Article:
ISSUE 5   June 1, 2006


Extension specialists have been getting questions on activation of soil-applied herbicides, particulatly Spartan, Sencor, and Prowl H2O, under dry conditions.

If Spartan, Sencor, or Prowl H2O was applied as a preemergence application and it has not rained since application, how long before is it gone?

General principle for all soil-applied herbicides - if weeds emerge before the herbicides are activated then weed control will be reduced regardless if activating rains occur after weeds emerge.

Spartan and Sencor are not volatile and is not degraded by sunlight. Very little (if any) product will be lost on the soil surface if rainfall is delayed. The only movement would be if soil particle physically move from high wind velocities. Spartan will not be activated until a significant rainfall event has occurred and some weed escapes could occur. The question of how much rainfall is needed for activation is often asked. Typically, 0.5 inch of rainfall is needed to activate most herbicides. Once activated, Spartan and Sencor will provide residual control of susceptible weeds that have not yet emerged but not emerged weeds. Some control of small emerged pigweed has been observed with Spartan in the past but that should not be expected. Others say they have observed control of small kochia and russian thistle.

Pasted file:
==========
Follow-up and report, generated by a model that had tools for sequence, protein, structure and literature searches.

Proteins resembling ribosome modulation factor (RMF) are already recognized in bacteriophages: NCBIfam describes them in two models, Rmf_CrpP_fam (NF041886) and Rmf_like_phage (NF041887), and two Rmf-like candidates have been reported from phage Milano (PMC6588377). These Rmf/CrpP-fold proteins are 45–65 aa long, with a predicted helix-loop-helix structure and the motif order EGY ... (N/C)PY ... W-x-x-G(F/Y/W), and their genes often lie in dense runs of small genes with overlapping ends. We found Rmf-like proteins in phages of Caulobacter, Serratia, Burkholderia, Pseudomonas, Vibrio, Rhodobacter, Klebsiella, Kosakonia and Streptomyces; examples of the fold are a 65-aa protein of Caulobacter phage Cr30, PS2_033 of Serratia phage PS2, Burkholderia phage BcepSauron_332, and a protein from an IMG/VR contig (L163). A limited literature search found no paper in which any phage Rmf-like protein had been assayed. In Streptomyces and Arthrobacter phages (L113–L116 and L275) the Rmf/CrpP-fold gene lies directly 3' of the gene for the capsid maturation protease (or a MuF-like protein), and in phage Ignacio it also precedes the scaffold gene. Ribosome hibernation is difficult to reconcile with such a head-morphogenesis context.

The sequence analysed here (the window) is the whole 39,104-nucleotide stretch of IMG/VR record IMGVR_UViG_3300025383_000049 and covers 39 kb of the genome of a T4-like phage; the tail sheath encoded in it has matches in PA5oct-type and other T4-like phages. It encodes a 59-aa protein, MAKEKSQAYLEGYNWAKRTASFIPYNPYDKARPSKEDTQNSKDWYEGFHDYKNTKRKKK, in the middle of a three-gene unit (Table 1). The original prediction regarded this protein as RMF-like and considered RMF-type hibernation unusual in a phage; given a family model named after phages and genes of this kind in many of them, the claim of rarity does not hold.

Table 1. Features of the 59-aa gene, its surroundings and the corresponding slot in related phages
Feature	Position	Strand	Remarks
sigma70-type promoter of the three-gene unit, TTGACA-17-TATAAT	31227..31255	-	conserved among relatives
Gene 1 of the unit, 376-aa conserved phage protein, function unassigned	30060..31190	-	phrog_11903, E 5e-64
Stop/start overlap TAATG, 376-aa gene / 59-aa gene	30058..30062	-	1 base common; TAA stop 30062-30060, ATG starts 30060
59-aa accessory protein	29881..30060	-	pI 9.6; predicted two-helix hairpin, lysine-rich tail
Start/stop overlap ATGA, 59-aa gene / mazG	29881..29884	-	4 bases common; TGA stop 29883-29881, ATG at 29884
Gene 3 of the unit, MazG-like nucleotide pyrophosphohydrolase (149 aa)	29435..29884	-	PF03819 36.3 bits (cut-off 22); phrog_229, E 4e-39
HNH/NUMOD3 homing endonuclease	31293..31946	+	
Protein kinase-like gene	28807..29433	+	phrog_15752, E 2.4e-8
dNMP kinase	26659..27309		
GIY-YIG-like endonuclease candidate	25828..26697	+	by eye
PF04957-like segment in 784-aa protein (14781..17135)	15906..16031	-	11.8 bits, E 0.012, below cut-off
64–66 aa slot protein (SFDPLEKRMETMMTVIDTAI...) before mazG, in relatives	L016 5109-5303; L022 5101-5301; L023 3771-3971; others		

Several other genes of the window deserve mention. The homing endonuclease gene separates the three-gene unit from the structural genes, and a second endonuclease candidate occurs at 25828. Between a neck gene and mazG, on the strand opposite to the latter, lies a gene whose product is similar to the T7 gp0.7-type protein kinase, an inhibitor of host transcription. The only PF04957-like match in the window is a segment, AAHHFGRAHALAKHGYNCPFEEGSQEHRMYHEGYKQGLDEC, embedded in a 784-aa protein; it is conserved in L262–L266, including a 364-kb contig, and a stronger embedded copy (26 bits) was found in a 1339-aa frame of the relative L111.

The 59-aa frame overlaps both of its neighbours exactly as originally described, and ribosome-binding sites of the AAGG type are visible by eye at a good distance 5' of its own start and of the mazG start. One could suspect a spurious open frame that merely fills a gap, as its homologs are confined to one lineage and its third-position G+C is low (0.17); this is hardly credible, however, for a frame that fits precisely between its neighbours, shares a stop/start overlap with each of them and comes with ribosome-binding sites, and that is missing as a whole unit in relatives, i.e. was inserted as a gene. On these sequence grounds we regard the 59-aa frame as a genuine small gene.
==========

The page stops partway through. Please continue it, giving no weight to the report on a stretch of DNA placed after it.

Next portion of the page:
The new formulation for Prowl H20 is less volatile and less susceptible to UV sunlight degradation than the 3.3 EC Prowl formulation. But the general principle applies here again. If weeds emerge prior to the activation, then weed control will be reduced. Prowl does not control any weeds once emerged but can control un-emerged weeds once activated.